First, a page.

A release call is produced by a male toad or an unreceptive female toad when a male toad or other animal gets on its back and grabs its sides in the position used for mating or amplexus. It's a toad's way of saying "Get off my back! Let go!"

Sound  
This is a 9 second recording of the release calls produced by a toad of undetermined gender as it was grasped across the back.

Short Videos of Calling Toads
california toad california toad california toad california toad
A male California Toad calls during daylight from the edge of a rocky creek in Alameda County (shown here). The call does not seem to be an agressive or release call, because no other solo male toads were nearby or in contact with him, but there was an amplexing pair swimming back and forth in the water about ten feet away from him. At a breeding location, you can often hear what sounds like a chorus of toads, especially when the toads are hidden in vegetation, but California Toads do not typically make advertisement calls to attract females. They vocalize when they encounter other males. Males in search of a female often swim around excitedly, approaching other males (as if they were females) and trying to steal away females in amplexus. These encounters are usually accompanied by a series of encounter calls (release calls) from the other male. Sometimes one toad in amplexus not in direct contact with another male will make a series of short, sharp, evenly-spaced peeps, which sound as if they could be a warning signal. It is probably the male that makes this sound, though I can't be sure. At times there was so much going on, it was hard to see which toads were making sounds.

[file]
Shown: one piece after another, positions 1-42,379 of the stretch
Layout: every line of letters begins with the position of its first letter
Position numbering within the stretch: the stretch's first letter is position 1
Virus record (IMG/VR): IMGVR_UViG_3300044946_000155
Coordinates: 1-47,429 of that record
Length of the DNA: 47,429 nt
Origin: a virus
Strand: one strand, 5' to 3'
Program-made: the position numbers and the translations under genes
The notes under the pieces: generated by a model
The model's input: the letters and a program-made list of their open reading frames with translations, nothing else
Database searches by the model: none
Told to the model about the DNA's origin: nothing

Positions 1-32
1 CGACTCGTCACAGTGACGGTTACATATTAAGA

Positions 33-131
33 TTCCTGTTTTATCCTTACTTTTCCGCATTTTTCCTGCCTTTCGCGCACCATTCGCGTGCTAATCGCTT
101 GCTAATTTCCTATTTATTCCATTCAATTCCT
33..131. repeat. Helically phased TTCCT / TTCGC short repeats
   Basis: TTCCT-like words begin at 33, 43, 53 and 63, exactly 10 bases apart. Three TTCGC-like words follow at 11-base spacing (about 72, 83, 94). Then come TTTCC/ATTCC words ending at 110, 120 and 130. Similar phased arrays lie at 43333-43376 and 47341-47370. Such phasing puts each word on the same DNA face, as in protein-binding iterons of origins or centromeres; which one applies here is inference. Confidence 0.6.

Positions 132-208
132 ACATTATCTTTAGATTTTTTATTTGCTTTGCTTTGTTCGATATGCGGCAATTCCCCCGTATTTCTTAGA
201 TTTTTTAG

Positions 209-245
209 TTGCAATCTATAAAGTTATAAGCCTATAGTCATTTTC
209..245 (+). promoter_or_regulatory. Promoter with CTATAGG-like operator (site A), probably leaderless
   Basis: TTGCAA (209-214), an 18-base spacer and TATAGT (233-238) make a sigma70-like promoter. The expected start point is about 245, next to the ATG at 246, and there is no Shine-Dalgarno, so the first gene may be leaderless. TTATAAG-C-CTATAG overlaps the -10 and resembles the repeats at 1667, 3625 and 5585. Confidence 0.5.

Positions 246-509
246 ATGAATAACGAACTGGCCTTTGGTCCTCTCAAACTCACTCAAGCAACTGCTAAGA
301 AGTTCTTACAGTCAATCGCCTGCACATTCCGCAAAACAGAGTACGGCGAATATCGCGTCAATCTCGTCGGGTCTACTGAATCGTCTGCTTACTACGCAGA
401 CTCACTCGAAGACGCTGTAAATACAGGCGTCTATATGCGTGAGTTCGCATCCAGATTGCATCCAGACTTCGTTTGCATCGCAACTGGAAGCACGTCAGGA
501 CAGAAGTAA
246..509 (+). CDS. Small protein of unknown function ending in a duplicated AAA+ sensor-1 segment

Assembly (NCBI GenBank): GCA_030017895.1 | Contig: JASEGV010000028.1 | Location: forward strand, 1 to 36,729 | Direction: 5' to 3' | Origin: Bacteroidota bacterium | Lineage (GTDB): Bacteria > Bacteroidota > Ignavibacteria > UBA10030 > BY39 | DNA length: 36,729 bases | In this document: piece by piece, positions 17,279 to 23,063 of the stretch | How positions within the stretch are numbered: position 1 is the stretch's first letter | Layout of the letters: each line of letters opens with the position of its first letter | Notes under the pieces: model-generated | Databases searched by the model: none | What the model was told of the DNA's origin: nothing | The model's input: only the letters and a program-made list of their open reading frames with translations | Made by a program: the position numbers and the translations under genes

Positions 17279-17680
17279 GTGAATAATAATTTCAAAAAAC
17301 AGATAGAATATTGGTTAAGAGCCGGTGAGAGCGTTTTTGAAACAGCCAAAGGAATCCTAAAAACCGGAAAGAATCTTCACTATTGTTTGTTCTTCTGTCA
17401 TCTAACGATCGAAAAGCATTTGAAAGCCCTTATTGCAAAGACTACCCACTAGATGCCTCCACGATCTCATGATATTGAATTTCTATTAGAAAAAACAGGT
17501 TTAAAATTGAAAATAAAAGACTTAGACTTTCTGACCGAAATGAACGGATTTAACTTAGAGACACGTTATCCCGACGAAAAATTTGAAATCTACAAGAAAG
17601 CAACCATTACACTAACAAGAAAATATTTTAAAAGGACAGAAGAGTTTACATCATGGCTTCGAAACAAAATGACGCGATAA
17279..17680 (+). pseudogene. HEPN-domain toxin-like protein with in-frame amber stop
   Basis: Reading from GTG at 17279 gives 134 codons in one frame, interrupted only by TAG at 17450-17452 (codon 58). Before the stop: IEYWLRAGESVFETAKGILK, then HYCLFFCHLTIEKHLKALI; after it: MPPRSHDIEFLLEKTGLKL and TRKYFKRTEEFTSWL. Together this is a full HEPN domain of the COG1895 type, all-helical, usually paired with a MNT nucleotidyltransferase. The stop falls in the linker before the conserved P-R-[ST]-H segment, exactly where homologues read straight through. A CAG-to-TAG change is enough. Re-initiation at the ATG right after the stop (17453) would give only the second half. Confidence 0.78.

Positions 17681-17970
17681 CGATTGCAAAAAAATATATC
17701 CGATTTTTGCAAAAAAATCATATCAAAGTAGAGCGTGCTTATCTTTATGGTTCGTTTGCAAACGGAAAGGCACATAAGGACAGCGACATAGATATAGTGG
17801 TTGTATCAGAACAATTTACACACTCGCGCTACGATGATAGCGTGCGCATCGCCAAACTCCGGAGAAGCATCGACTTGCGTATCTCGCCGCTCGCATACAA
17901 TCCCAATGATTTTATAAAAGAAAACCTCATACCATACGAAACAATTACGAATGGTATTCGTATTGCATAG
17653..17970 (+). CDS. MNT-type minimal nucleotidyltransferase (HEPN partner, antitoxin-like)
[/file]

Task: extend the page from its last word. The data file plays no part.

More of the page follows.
These videos show some of this breeding behavior at the shallow outlet of a pond in Contra Costa County where at least 8 solo males and 10 pairs in amplexus were observed in the area. Not all of them are seen in the videos. Some are heard off camera.
california toad california toad    
A male toad picked up out of the breeding pond makes the release call, then swims away. A male toad picked up out of the breeding pond makes the release call, then swims away.    

You can listen to more recordings of California Toads on this cd:

Carlos Davidson - Frog and Toad Calls of the Pacific Coast - Cornell Laboratory of Ornithology

cd cover

and on the cd that comes with this book:

Lang Elliott, Carl Gerhardt, and Carlos Davidson - The Frogs and Toads of North America - Houghton Mifflin Harcourt.

book cover